HONG KONG, Feb 20 (Reuters) - The Hong Kong Confederation of Trade Unions (HKCTU) warned that McDonald's Corp's up-to-$2.1 billion sale of its Hong Kong and China operations could hit workers' pay, adding to growing criticism of the deal on the mainland and elsewhere.
The fast-food giant said last month it had agreed to sell the bulk of its China and Hong Kong business to state-backed conglomerate CITIC Ltd and U.S. private equity firm Carlyle Group LP in a deal that will see the consortium act as the master franchisee for a 20-year period.
The HKCTU's statement on Monday comes just days after a Chinese consultancy, Hejun Vanguard Group, filed a formal complaint with China's Ministry of Commerce also claiming the decision to move to a master-franchisee model may hurt its 120,000 workers in China, as well as consumers.
The union group said the deal would put further pressure on pay at the U.S. company's Hong Kong outlets, where many workers earn just above the current minimum wage of HK$32.5 ($4.20) per hour. The group represents 90 affiliate organisations and 170,000 members.
"In other countries where McDonald's has sold a large stake of its business, the resulting model has placed enormous pressure on franchisees, which has made it harder for franchise operators to provide adequate pay and conditions for their workers," HKCTU official Wong Yu Loy said in the statement.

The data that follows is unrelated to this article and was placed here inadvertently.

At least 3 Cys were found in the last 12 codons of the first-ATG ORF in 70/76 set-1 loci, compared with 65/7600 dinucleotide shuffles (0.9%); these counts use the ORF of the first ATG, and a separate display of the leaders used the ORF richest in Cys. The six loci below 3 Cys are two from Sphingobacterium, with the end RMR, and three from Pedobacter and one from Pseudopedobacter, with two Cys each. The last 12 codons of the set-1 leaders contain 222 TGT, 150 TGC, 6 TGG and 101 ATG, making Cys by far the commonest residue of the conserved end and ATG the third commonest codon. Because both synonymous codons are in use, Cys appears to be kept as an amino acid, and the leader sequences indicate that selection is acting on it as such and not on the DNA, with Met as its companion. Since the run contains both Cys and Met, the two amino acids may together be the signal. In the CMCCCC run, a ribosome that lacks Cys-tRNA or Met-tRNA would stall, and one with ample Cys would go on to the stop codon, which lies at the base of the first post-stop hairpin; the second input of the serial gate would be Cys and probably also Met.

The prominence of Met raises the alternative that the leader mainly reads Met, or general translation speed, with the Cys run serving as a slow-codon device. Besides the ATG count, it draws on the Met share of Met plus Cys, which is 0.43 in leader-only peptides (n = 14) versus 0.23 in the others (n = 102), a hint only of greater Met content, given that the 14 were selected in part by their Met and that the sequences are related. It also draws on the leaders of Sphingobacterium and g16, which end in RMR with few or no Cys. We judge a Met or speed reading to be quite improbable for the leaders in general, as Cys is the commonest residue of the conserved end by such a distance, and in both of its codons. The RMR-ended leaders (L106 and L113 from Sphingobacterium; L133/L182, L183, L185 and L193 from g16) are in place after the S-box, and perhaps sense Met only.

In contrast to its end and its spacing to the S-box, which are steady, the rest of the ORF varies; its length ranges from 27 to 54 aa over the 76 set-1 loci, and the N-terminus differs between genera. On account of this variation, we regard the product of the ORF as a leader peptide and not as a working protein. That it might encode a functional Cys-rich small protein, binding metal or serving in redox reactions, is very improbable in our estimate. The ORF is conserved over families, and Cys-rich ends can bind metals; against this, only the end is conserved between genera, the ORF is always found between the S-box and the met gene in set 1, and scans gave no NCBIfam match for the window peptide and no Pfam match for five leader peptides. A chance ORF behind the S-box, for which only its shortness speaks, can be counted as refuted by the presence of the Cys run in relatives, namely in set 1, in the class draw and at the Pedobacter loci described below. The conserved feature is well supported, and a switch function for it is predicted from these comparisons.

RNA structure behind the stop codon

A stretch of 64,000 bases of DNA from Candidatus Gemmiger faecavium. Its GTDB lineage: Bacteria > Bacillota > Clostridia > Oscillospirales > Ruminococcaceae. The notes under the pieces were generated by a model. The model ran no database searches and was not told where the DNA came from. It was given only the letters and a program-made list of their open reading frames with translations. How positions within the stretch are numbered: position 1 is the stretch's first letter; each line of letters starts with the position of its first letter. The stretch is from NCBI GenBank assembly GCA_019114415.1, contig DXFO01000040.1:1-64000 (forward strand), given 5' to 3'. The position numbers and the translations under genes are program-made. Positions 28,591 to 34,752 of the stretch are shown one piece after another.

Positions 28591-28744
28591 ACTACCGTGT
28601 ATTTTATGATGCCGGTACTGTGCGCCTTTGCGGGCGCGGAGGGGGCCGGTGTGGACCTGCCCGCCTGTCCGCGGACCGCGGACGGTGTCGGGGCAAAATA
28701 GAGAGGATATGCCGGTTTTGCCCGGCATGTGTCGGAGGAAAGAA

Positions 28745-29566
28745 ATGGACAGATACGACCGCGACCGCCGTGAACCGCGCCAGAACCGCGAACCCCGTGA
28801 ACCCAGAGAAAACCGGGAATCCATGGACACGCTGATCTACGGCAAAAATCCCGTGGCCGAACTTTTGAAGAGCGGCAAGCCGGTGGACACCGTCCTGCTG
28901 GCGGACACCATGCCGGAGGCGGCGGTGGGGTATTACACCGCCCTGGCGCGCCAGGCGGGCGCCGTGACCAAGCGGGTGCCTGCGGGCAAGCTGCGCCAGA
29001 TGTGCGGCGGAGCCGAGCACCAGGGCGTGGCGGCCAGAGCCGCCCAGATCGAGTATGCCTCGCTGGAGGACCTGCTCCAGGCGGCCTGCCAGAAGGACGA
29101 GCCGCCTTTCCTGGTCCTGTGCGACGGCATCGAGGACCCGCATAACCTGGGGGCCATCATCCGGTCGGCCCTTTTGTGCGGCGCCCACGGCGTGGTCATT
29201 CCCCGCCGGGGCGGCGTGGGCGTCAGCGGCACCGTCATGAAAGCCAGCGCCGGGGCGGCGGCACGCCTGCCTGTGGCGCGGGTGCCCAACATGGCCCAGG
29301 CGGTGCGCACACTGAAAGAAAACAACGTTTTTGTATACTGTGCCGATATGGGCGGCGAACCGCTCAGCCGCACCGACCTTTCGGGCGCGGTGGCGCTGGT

"If the buyers in Hong Kong get squeezed by McDonald's as they have in other countries, workers here may get even less as a result," Wong said.
McDonald's did not immediately respond to a request for comment, but has said its franchise model globally is based on mutually beneficial partnerships.
The sale has also been criticised by The Service Employees International Union, a U.S. labour organisation, which warned in a statement last month that previous such transactions in markets - including Brazil and Puerto Rico - had hurt workers. (Reporting by Michelle Price; Editing by Kenneth Maxwell)